‘Not Rocket Science’ to Hold Manafort Outside Solitary Confinement, Mukasey Says

'There are people who are convicted of dealing in child pornography who are out and about,' says former attorney general

It’s “not rocket science” for Paul Manafort to be held “in a setting outside a prison” instead of the solitary confinement he’s now in while awaiting his trial, in two weeks. That’s according to former Attorney General Michael Mukasey, who appeared Tuesday night on Fox News’ “The Ingraham Angle.”

“It is not rocket science to have somebody in a detention situation outside a prison, home detention, and similar kinds of detention, in which he can’t get access to a computer or to a telephone,” Mukasey (pictured above left) told host Laura Ingraham, noting that Manafort has yet to be convicted of a crime.

“There are people who are convicted of dealing in child pornography who are out and about, who get restrictions on their access to computers and so on. This can be done. It is not rocket science,” Mukasey continued. “And it would not be rocket science to put Paul Manafort in a setting outside a prison in which his access to a telephone may be restricted, monitored and so on. This is unnecessary.”

Manafort, who was President Donald Trump’s campaign chairman from March to August of 2016, has become a focal point for special counsel Robert Mueller’s investigation into allegations of collusion between Trump campaign officials and Russia.

Although Manafort will stand trial in two weeks on multiple bank-fraud charges predating his tenure with the Trump campaign and lying to federal investigators, he is not on trial for collusion-related crimes.

Manafort currently is being held in solitary confinement for 23 out of 24 hours per day in the Northern Neck Regional Jail in Warsaw, Virginia, two hours outside Washington, D.C. Manafort and his lawyers have implored judges for weeks to relocate him to a closer prison to facilitate preparations for his trial.

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Although Judge T.S. Ellis agreed Tuesday to move Manafort to a detention facility in Alexandria, Virginia, Manafort ultimately rejected the relocation because his trial is now just two weeks away.

“In light of Mr. Manafort’s continuing detention and after further reflection, issues of distance and inconvenience must yield to concerns about his safety, and more importantly, the challenges he will face in adjusting to a new place of confinement and the changing circumstances of detention two weeks before trial,” Manafort’s lawyers wrote to Ellis Tuesday.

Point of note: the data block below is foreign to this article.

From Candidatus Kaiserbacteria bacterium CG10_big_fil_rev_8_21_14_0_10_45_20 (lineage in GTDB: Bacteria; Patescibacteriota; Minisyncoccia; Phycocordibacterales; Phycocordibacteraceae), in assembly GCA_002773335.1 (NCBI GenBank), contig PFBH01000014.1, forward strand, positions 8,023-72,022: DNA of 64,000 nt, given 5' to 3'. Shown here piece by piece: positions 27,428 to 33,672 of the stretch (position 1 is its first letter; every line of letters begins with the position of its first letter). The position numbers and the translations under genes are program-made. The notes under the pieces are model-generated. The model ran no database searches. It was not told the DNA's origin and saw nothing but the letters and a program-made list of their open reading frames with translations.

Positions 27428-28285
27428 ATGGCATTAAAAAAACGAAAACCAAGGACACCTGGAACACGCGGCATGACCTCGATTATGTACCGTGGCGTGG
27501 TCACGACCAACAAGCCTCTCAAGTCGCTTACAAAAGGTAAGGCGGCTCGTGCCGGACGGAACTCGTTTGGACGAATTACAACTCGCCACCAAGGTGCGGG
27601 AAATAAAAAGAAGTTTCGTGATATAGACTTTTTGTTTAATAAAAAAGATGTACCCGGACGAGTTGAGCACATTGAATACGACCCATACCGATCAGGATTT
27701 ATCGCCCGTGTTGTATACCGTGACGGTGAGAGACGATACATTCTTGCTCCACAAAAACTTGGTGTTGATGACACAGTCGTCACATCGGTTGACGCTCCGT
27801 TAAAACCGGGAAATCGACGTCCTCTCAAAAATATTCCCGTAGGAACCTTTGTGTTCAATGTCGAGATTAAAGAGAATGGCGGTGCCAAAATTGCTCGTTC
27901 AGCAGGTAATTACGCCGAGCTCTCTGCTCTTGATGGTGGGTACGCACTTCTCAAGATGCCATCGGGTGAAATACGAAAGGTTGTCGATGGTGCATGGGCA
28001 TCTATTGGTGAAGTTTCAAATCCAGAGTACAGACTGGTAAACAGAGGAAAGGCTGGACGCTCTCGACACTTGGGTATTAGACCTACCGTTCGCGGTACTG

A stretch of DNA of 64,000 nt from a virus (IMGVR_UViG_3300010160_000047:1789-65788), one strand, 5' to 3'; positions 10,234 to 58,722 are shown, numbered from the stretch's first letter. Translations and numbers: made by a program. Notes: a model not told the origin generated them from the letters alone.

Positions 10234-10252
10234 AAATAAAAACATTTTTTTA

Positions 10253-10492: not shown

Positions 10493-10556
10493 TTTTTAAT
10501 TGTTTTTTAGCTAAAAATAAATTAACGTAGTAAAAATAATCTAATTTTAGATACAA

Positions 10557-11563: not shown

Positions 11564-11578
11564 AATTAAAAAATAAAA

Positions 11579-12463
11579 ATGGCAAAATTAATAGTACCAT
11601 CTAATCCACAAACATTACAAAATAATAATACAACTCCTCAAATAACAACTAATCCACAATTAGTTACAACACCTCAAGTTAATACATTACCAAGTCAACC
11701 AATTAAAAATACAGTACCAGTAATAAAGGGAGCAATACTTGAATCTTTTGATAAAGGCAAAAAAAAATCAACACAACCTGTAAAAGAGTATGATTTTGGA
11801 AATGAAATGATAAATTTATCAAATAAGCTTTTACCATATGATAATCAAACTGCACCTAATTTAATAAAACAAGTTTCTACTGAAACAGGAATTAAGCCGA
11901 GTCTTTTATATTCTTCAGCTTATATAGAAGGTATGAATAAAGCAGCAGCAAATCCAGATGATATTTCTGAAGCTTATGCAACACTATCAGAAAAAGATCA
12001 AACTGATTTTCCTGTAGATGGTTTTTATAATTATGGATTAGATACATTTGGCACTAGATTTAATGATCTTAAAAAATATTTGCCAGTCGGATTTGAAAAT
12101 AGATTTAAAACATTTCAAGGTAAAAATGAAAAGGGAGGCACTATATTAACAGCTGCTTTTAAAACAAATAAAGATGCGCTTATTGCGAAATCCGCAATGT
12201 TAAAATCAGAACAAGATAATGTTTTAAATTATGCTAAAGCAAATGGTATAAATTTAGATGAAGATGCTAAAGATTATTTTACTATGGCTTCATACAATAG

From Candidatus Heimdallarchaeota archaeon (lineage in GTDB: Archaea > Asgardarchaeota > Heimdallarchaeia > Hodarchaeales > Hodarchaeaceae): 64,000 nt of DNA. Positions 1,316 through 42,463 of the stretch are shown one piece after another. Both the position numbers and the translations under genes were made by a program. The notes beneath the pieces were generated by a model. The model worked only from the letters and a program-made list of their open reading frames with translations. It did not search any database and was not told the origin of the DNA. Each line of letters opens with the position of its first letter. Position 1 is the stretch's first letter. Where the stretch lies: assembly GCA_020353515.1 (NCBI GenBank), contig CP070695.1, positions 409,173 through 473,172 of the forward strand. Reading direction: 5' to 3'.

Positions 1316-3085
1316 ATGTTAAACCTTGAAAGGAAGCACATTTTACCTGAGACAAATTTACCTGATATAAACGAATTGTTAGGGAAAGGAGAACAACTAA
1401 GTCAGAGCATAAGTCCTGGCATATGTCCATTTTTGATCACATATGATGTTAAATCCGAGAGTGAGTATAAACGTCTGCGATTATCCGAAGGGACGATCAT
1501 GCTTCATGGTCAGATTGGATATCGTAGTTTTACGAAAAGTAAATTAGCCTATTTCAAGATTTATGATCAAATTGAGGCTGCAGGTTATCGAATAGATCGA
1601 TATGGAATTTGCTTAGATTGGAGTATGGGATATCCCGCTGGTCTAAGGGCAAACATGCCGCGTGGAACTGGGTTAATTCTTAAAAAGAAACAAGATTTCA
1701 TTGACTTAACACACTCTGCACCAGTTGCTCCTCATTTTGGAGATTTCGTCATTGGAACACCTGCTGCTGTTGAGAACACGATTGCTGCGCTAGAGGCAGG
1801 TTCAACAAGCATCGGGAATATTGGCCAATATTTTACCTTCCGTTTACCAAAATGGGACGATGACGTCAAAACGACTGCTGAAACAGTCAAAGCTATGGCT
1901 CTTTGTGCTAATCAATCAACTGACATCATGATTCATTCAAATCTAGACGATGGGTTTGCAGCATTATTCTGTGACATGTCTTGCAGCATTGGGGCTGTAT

Manafort’s bail was revoked and he was placed in solitary confinement after it came to light that he contacted potential witnesses. The contact added obstruction of justice charges to his bank fraud and lobbying charges.

“As someone who is a former white-collar criminal defense attorney myself, I cannot think of an occasion on which one of my clients was even close to being put in solitary confinement two weeks before fairly complex litigation and preparing for this,” Laura Ingraham noted.

“Where’s the [American Civil Liberties Union]? I mean, the ACLU has issued the most condemnatory statements about solitary confinement, that it’s essentially its own type of cruel and unusual punishment,” Ingraham added. “A lot of the people on the Left want to get rid of it altogether. But you don’t hear a peep from them on this case.”

Related: Fair Trial Impossible in D.C. for Manafort, diGenova Says

Mukasey insisted it “is totally unnecessary” for Manafort to remain in solitary confinement while awaiting his three-week trial, which begins on July 25.

Former federal prosecutor Andrew McCarthy (pictured above right) told Ingraham “It’s very highly unusual in a white-collar case like this to detain somebody prior to trial,” as has happened to Manafort.

“They say he was tampering with witnesses. They persuaded the district court that that was the case,” said McCarthy, a National Review contributor and former assistant U.S. attorney for the Southern District of New York.

“The problem is, once you have somebody who’s high profile like him — if a judge actually does put him in pretrial, that is put him in custody rather than allow him to be out on bail, it’s very hard for him to be in [the] general population. So it’s almost a given that if you find that he has to be detained, he’s going to be detained in these very arduous conditions.”

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